We identify instances in which the auditor-client relationship has been terminated but the auditor continues to complete a subsequent quarterly review. We refer to these instances as “lame duck auditor” quarters, and we contrast financial reporting quality in these quarters with that in non-lame duck auditor quarters. Using discretionary accruals and financial statement misstatements as proxies for financial reporting quality, we find that financial reporting quality is higher in lame duck auditor situations, suggesting that lame duck auditors perform more stringent quarterly reviews. We attribute these results to improvements in auditor independence and/or heightened reputation concerns. We perform a number of tests to alleviate concerns that our results are attributable to fundamental differences between clients with lame duck auditors and clients with non-lame duck auditors and to alleviate concerns that our results are attributable to changes in manager behavior rather than changes in auditor behavior. Collectively, our results provide insights that are relevant to regulators, auditors, and other stakeholders who are interested in the factors that affect auditor independence and financial reporting quality.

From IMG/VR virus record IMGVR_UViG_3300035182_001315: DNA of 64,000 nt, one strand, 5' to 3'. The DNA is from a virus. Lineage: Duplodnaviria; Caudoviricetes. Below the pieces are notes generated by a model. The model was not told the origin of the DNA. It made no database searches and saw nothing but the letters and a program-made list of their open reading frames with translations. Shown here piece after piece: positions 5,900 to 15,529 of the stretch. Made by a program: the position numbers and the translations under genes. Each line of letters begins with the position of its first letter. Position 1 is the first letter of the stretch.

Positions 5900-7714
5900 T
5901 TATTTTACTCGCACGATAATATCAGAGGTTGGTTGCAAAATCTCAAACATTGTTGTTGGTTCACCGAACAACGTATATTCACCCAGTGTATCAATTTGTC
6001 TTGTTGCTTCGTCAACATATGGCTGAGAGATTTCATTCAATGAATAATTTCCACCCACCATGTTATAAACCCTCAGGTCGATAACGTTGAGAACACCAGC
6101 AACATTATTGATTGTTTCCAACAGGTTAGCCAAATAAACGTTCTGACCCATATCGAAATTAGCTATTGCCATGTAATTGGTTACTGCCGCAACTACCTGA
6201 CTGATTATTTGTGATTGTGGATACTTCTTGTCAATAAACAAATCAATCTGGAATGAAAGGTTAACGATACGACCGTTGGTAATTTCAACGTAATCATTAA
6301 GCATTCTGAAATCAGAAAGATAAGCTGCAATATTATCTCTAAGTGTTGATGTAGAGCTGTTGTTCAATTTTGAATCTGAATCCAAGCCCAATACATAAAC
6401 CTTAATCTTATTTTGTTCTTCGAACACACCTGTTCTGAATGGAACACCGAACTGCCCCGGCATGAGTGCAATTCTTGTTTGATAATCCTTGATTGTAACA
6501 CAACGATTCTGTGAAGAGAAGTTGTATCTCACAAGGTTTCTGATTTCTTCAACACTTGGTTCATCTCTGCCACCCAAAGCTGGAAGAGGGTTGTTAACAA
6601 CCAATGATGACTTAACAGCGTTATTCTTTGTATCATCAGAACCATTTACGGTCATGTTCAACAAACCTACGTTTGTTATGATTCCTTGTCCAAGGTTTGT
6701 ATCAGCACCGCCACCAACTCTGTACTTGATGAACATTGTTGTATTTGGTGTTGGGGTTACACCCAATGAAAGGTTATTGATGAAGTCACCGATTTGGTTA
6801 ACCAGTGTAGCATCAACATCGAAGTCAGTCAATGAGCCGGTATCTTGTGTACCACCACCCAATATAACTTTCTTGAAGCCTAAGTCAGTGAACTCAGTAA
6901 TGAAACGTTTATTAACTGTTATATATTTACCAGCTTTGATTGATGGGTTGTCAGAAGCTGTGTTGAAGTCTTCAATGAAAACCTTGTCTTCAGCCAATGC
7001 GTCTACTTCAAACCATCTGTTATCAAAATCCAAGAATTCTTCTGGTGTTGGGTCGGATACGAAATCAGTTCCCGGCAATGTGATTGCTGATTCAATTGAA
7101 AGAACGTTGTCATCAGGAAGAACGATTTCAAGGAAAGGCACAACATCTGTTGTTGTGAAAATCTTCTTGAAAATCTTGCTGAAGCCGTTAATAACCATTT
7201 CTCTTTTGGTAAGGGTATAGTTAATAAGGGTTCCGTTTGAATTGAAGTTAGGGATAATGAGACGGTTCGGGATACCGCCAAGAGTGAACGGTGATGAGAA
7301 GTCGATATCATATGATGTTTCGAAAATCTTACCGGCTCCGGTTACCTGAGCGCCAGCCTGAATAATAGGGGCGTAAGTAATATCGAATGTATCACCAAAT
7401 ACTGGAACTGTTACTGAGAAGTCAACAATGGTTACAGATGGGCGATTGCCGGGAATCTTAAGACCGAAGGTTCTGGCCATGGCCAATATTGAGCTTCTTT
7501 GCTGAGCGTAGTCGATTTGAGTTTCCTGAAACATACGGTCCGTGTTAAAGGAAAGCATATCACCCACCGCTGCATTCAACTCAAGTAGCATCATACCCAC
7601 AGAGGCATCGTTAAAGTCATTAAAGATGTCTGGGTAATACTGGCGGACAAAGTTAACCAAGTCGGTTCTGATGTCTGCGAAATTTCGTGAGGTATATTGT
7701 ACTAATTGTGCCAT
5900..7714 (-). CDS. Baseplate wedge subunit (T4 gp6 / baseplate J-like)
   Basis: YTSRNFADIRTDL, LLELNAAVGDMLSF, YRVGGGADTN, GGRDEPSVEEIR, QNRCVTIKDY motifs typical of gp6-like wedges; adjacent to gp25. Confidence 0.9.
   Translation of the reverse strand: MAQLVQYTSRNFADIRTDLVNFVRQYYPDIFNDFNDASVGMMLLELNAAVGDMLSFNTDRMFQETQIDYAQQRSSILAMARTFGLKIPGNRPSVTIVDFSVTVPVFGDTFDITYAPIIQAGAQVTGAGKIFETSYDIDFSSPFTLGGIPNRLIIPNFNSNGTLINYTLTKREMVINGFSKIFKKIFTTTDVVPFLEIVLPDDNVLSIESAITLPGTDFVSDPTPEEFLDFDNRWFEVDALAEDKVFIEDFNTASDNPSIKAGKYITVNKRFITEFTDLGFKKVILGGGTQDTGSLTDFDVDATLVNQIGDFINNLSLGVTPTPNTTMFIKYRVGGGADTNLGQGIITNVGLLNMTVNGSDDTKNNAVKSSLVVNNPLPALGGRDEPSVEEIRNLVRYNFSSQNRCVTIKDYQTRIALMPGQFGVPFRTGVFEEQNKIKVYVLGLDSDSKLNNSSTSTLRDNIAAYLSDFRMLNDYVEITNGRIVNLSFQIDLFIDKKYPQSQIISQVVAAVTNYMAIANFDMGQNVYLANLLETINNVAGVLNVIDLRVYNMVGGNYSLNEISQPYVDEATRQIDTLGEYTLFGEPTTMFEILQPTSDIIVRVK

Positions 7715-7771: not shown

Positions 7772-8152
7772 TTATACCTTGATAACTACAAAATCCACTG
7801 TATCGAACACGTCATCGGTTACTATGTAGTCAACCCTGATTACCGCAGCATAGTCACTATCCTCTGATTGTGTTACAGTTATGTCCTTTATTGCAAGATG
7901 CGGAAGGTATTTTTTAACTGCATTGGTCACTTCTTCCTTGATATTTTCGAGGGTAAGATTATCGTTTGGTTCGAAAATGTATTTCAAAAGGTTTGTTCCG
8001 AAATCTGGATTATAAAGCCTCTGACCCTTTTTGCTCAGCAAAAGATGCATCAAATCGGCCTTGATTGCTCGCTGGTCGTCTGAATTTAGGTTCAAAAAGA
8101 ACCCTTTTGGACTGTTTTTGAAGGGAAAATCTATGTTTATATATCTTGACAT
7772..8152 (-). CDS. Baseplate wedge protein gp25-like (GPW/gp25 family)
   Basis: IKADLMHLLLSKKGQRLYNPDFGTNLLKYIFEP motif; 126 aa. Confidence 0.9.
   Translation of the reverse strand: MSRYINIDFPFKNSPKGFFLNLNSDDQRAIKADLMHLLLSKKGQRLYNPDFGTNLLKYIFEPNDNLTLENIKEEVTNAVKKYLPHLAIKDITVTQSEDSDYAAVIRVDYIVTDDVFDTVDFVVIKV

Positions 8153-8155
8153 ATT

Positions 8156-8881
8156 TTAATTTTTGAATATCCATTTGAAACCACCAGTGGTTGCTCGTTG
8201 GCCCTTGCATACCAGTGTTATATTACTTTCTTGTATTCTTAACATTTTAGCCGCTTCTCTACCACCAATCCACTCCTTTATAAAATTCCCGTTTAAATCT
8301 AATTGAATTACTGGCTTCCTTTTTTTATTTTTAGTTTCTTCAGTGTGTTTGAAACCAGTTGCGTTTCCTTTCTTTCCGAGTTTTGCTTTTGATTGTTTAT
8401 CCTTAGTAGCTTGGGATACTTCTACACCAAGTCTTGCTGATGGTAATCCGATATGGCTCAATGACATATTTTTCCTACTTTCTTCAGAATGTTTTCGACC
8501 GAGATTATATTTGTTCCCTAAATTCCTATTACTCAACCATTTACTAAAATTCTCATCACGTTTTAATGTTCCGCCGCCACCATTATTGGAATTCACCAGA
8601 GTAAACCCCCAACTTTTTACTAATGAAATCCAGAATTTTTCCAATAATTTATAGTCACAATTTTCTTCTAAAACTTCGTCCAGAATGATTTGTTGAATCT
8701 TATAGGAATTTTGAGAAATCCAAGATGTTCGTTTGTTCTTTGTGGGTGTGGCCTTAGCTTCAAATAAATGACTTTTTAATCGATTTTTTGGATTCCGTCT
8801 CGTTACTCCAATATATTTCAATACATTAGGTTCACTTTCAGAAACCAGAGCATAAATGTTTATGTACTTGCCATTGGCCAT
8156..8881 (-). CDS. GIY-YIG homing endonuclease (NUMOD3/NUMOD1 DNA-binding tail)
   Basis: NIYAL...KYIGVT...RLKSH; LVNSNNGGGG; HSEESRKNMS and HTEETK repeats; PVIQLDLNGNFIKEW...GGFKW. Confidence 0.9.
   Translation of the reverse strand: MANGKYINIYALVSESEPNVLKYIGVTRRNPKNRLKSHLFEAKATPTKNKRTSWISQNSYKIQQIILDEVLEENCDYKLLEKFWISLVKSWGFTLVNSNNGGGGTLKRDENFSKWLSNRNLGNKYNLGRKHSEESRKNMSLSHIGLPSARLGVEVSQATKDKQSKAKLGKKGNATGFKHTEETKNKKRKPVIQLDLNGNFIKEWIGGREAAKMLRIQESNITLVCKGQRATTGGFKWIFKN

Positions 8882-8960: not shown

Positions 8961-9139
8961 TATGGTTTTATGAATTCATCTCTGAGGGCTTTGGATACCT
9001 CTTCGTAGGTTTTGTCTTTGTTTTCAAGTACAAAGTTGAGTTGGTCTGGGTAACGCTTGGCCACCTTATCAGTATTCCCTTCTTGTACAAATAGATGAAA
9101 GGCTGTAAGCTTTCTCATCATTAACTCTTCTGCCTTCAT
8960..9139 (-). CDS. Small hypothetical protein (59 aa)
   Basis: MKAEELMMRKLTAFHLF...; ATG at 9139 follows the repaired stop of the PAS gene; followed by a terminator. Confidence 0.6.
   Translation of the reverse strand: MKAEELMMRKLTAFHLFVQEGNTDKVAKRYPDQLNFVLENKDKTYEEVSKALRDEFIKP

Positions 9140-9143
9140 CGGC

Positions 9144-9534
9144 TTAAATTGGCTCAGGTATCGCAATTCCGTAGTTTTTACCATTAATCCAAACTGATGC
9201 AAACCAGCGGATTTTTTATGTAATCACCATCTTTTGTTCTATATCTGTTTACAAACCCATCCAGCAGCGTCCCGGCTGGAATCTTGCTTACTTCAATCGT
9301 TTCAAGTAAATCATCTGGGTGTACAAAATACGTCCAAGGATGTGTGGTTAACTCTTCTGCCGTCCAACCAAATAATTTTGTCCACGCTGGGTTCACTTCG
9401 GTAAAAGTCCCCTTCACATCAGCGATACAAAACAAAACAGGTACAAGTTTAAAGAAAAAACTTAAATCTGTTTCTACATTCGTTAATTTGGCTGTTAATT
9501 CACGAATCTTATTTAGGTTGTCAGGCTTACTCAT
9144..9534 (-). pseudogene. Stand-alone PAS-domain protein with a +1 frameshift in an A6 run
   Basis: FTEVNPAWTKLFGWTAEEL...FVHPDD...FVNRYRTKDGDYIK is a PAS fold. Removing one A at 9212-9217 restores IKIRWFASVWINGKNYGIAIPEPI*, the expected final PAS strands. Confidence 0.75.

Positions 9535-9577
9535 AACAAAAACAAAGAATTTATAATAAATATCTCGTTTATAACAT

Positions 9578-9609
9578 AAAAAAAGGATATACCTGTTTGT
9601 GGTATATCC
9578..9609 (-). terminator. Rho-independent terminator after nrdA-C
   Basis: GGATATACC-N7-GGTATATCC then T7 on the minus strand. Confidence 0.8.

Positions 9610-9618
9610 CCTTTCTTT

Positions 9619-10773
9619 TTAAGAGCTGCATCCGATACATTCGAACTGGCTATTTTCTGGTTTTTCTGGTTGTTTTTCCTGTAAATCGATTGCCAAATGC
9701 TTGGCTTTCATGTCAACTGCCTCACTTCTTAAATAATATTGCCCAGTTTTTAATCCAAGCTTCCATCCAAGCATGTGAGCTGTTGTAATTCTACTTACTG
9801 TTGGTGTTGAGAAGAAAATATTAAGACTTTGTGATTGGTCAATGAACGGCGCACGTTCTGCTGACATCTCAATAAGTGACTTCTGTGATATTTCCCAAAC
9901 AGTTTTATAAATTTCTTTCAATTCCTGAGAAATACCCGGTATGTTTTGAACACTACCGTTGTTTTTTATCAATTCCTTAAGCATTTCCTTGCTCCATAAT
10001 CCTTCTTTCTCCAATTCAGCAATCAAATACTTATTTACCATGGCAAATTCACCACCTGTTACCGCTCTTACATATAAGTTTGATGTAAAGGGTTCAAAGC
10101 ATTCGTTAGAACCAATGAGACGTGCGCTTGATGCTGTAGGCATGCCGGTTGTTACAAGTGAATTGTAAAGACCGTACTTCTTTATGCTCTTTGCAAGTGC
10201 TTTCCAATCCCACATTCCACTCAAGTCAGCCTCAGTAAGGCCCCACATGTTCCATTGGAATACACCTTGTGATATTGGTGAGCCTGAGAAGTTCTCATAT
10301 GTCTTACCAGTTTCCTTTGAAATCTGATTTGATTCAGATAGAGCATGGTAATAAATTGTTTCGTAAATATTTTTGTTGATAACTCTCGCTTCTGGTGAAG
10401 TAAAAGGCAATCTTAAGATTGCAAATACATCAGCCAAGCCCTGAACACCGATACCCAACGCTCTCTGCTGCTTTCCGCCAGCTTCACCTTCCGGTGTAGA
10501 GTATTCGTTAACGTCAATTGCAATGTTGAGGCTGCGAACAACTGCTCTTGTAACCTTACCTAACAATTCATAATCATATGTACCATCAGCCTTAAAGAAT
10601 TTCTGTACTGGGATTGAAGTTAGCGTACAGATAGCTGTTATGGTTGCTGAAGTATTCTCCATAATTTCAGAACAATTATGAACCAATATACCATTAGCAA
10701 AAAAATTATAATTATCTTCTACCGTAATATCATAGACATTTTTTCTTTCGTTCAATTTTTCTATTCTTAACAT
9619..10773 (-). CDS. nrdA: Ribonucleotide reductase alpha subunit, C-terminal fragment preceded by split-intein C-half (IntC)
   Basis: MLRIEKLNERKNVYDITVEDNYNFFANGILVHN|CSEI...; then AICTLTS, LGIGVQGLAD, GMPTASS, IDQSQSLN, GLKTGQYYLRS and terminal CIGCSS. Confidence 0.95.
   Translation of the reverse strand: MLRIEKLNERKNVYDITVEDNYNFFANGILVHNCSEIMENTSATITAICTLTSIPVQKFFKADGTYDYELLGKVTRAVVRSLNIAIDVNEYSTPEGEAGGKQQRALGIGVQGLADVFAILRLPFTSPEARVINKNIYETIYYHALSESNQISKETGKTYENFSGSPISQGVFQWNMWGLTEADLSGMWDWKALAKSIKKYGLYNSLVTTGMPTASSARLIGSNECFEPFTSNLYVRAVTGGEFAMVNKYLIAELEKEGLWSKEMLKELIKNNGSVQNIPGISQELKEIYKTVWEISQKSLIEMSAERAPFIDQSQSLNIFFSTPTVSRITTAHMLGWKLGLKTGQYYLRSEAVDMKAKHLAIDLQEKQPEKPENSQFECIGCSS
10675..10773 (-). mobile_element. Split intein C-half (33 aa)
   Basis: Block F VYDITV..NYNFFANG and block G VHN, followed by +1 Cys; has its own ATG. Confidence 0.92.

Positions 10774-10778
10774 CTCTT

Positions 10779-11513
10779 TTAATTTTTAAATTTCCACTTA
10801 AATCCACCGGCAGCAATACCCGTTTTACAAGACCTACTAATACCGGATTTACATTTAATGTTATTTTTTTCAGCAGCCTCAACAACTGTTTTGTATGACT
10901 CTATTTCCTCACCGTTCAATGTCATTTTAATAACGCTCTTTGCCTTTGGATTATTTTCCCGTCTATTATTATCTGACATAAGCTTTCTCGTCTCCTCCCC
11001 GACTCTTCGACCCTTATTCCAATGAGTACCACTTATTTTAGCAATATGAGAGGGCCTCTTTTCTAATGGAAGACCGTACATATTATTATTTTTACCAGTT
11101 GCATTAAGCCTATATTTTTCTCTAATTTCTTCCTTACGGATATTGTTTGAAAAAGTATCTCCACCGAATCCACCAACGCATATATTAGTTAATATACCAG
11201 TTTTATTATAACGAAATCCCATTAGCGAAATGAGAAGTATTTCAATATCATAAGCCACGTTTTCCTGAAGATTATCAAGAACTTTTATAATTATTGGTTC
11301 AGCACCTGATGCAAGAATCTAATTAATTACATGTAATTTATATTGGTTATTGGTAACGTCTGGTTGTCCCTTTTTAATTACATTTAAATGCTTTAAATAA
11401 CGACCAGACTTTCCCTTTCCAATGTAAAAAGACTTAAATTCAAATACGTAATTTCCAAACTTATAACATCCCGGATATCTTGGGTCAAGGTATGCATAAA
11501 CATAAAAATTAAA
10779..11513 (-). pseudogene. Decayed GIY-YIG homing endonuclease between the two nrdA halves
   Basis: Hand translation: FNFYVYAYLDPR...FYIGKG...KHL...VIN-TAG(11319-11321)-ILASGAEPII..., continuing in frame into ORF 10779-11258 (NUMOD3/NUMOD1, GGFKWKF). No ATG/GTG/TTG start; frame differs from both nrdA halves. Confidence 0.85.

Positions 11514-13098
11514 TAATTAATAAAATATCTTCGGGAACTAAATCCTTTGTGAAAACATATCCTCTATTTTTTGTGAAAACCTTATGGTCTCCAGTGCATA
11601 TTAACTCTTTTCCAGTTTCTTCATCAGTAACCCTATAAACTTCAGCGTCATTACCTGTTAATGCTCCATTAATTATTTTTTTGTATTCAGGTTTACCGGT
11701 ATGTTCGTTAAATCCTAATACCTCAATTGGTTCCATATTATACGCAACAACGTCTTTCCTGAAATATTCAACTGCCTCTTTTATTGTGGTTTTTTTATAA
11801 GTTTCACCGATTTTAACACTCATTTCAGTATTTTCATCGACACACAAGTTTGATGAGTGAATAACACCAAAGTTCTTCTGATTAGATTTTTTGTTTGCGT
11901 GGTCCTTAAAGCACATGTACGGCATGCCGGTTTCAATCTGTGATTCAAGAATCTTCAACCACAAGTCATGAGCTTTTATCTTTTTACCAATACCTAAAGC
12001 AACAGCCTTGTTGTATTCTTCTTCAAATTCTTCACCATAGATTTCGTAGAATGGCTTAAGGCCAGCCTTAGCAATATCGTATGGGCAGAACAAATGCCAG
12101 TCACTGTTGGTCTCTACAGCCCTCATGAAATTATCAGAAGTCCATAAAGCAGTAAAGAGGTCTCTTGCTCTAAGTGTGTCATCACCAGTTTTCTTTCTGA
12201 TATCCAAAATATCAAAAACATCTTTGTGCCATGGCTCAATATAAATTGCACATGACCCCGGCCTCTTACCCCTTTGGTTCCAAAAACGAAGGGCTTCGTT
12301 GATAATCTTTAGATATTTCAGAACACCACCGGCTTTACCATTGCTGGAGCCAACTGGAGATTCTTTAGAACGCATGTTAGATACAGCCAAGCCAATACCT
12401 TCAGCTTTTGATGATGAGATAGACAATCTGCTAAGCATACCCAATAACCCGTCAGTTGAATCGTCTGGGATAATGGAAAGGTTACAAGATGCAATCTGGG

Data Availability: The data used are publicly available from the sources cited in the text.